Present: Fisher C.J. and Drieberg J.
RANASINGHE v. CAROLIS el al.
212—D. C. Kurunegala, 11,943.
Lis pendens—Mortgage action not registered—Sale by mortgagor's heirpending action—Transfer by heir registered in wrong folio—Conflict of title.
The plaintiff was the purchaser of property at a Fiscal’s sale heldin pursuance of a decree entered in his favour in a mortgage action,which was not registered as a lis pendens. He registered his Fiscal’sconveyance in the right folio.
The added defendant who purchased the property from an heirof the mortgagor during the pendency of the action registered hisconveyance in the wrong folio.
Held, that the plaintiff’s title ought to prevail.
LAINTIFF instituted the present action for declaration of title
to a land, which was owned by one Mudianse, who mortgagedit to him by a deed dated March 6,1915, and registered on May 15,-1915. On November 23, 1915,_Mudianse obtained a Crown grant
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for the land which he registeredin a different folio. Mudianse diedand the plaintiff instituted an action on the land against his legalrepresentative and obtained a decree on February 12,1925. Neitherthe lis pendens nor the decree was registered. The land was sold inpursuance of the decree and purchased by the plaintiff, who obtaineda Fiscal’s transfer on August 4, 1926, which he registered on August28, 1926. Prior to this date the mortgaged premises had been soldby the heir of Mudianse to the added defendant, who had leased it tothe defendants. The transfer in favour of the added defendant wasregistered in the wrong folio. The learned District Judge held thatas the plaintiff had failed to register his lis pendens or decree theadded defendant was not bound by the proceedings and dismissed,the plaintiff’s action.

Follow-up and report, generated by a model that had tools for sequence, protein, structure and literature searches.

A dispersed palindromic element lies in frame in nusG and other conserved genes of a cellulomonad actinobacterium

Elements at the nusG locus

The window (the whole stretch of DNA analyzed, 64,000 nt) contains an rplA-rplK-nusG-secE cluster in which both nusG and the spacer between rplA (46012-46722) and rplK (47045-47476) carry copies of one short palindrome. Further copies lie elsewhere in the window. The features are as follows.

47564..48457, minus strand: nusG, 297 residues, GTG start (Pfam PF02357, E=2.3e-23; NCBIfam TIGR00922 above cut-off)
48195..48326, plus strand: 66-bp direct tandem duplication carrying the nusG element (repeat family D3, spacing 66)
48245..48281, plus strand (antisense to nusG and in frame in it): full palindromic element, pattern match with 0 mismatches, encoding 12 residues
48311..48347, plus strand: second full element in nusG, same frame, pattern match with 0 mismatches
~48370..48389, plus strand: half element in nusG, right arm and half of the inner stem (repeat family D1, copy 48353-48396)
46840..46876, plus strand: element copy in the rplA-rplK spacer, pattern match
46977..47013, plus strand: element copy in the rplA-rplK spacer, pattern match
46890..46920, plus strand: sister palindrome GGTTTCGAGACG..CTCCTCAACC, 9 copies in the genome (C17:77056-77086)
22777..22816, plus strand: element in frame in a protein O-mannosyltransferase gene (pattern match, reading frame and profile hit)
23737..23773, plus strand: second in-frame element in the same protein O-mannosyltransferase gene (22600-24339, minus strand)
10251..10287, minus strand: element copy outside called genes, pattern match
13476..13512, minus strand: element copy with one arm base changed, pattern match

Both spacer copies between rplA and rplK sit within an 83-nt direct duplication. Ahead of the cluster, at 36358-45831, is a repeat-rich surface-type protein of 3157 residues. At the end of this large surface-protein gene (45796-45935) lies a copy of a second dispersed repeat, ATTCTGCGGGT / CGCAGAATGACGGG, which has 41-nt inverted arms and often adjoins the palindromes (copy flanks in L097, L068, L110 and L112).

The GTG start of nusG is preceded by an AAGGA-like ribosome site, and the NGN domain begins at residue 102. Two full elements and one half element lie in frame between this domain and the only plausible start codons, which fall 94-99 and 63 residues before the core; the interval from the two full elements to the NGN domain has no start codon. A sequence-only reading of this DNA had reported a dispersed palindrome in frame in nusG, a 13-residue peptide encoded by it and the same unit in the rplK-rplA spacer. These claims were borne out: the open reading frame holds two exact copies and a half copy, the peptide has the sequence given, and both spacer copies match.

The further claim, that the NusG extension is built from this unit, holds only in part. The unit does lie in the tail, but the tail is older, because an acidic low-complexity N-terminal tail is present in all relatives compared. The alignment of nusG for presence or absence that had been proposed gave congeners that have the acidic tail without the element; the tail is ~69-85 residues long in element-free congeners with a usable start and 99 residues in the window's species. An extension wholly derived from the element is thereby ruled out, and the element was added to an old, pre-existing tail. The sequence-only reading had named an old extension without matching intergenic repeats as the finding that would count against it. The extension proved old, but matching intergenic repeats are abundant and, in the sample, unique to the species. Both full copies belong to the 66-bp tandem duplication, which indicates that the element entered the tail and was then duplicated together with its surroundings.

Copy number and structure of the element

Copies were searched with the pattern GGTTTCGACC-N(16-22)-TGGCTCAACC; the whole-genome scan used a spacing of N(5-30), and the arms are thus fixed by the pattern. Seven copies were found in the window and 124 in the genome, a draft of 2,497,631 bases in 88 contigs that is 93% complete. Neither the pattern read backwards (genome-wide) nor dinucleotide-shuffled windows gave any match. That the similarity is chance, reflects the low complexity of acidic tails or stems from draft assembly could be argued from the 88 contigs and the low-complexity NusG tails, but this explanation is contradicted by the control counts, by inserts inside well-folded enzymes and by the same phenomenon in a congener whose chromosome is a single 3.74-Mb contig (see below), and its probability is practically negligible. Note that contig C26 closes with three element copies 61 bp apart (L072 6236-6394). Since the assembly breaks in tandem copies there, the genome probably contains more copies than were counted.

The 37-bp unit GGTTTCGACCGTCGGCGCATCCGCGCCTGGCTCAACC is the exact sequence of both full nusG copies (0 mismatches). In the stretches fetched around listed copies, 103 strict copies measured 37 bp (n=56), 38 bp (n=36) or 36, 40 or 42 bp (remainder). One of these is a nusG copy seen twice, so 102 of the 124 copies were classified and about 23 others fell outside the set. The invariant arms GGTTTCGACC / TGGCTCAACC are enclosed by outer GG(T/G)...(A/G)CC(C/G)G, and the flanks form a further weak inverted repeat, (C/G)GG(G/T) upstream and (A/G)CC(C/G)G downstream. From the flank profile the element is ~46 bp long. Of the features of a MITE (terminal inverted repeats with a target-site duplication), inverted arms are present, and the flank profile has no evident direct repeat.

H. V. Perera (with him Amarasehara), for plaintiff, appellant.—The non-registration of the lis pendens or the mortgage decree isimmaterial. The added defendant’s deed is registered in the wrongfolio. It must, therefore, be treated as an unregistered deed. Thecompetition is then between a prior registered Fiscal’s conveyanceat a sale in execution against a judgment-debtor and an unregisteredvoluntary conveyance from him. The question is merely one of theapplication of sections 16 and 17 of Ordinance No. 14 of 1891. Theprior registered deed prevails. The added defendant could haveprotected himself by due registration. He has not done so. Hadthe appellant registered his lis pendens and his decree he wouldmerely have had additional rights and been able to rely on hismortgage bond and the rights flowing from the mortgage action. Inthe present case he cannot do so, but he can still treat his mortgagedecree as a simple money decree and avail himself of the provisionsof sections 16 and 17 of the Land Registration Ordinance by reason ofthe prior registration of the Fiscal’s conveyance issued in pursuanceof the sale in execution.